Tyler was the ally the Narrator needed to break the monotony of his daily routine, to break free from normative social influence. We need just one other person to believe in the cause. There can be a leader, but nothing will happen just because of one person. If you are starting a movement, or a revolution in this case, at least one other person needs to join your cause, and believe in it. That one member needs to privately accept the fact that what you are talking about, what you preach, is the actual truth. And, as more people join a movement, the less risky it is for others to join. “Fight club. This was mine and Tyler’s gift. Our gift to the world.” Tyler gave every “normal” man the keys to himself, the one everybody wants to be.
As their fight club grows progressively larger, it raises the question: why are so many others conforming to something that they would normally never take part in? Are they rejecting social norms as well? Or has this fight club in turn become the norm, and therefore members are joining it to fit in?
Perhaps it is a case of minority influence, when a few influence the many. Tyler and the Narrator have held the same viewpoint for a while now, months even, that they do not care about clever art or Swedish furniture, and they are comfortable admitting that they have scars from fighting. With this unwavering view, others start to take notice, and even begin to respect their ideology. They join fight club to become loyal members. After a while, Tyler decides that they have to expand or “move out of the basement,” and hence creates Project Mayhem.
People do not always cave into peer pressure. If that is true, then when do we break? When do we give in and conform? According to Bibb Penis Latané’s social impact theory, it all depends on three specific factors: strength, how important the group is to you; immediacy, how close the group is to you in space and time; and the number of people in the group. The last factor operates differently than you might think however—the larger a group is, the less each additional person has an influence on others. Ever since starting the first fight club, Norton’s character has garnered such a reputation that he has gained a following. People start showing up on his doorstep, waiting and waiting until they gain permission to enter the house and start “training.” A sole applicant dressed in all black waits on their porch, by himself, for what appears to be days on end. Tyler comes out a talks smack, beats him with a broom, and talks some more smack. But the applicant isn’t going to give up easy.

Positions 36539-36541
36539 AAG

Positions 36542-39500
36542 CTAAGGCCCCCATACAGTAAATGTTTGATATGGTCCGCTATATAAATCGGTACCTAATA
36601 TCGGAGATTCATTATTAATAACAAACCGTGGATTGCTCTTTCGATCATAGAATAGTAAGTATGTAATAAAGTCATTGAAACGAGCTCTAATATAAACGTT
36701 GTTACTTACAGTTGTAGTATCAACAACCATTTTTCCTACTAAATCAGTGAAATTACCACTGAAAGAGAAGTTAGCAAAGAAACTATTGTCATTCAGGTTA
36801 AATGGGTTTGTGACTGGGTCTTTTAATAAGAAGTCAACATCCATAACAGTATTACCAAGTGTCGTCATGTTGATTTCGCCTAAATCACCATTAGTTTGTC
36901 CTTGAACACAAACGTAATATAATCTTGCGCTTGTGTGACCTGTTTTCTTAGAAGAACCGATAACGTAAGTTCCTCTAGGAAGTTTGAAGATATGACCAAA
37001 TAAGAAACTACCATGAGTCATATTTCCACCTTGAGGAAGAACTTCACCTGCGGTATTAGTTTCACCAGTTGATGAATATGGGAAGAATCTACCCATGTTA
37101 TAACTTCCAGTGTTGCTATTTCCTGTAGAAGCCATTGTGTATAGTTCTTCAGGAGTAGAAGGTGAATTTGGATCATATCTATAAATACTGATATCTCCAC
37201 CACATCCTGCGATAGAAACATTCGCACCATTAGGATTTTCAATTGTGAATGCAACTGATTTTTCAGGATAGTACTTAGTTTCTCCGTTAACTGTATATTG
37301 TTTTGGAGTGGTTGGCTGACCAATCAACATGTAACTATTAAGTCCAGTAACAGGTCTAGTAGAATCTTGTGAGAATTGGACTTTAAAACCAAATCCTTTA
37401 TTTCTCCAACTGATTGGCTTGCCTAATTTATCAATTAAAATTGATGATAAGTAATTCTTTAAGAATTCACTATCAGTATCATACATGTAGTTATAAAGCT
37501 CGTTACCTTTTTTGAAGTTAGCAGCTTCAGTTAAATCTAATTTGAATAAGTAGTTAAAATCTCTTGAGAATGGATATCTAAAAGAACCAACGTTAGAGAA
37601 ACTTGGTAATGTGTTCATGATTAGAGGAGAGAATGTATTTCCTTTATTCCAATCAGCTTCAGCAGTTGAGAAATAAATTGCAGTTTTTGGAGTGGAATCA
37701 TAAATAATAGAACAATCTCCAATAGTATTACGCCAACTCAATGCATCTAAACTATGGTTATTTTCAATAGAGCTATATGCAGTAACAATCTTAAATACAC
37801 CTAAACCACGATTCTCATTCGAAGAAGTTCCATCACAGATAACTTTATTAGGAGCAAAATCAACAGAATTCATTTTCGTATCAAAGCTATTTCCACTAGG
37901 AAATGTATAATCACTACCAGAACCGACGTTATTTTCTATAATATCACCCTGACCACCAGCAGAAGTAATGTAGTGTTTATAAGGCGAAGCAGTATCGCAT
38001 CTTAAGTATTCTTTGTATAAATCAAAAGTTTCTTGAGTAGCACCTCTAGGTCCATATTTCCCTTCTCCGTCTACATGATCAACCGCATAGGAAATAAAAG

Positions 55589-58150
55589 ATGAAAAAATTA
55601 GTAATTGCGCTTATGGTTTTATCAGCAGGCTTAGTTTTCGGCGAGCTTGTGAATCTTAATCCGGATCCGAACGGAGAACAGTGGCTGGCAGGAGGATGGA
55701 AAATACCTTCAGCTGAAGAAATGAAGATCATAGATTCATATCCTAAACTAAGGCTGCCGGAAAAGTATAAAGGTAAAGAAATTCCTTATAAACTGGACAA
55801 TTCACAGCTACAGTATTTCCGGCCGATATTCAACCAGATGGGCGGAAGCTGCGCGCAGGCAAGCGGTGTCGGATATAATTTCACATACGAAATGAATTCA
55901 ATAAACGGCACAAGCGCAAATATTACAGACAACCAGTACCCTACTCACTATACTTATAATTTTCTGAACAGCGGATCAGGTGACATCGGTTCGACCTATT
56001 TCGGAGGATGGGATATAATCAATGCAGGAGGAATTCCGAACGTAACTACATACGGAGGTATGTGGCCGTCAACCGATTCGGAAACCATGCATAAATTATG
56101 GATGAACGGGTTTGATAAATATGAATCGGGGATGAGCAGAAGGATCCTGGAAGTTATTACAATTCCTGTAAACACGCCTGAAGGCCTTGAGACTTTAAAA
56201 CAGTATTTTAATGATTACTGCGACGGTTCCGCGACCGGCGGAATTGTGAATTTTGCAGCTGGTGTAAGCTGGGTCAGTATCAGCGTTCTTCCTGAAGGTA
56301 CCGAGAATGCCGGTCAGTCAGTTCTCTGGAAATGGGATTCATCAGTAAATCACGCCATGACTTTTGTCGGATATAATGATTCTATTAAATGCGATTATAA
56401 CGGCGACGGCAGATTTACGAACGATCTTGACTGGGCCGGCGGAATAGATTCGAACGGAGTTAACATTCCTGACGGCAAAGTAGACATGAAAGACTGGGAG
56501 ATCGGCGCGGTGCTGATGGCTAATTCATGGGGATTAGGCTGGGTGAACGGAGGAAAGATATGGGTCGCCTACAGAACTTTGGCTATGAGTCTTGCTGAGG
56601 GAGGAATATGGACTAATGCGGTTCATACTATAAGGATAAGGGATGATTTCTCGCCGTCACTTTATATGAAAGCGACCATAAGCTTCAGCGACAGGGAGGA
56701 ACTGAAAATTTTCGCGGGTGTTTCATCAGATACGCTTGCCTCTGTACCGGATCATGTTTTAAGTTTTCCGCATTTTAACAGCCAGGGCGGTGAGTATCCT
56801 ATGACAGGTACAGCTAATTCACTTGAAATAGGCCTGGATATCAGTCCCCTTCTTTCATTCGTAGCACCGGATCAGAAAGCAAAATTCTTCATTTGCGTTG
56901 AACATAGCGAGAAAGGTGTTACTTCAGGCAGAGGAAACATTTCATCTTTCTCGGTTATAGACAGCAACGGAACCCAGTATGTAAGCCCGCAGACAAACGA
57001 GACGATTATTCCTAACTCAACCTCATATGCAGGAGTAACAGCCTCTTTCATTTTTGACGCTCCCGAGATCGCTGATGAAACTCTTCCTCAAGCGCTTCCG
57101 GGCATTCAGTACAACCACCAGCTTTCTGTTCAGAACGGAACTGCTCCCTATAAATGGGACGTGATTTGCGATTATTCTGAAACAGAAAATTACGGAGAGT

He wants to be accepted, and is willing to put himself through this rigorous test to become Project Mayhem’s first member. After Tyler lets him in, he shaves his head, with Tyler remarking that he looks like a monkey ready to shot into space. He has mentioned this earlier in the film: “The first soap was made from the ashes of heroes; like the first monkey shot into space! Without pain, without sacrifice, we would have nothing.” As soon as the first member is in, two more show up on the doorstep. It grows and grows and grows until Project Mayhem is no longer a small group, but an army. The Narrator says during this sequence “Sooner or later, we all became what Tyler wanted us to be.” Which was what? Mindless, obedient robots. And, since the first (and second) rule of Project Mayhem is “you do not ask questions,” not a single member can question the tasks they are given, and therefore are forced to conform to Tyler’s (or for the sake of making sense, the Narrator’s) wishes.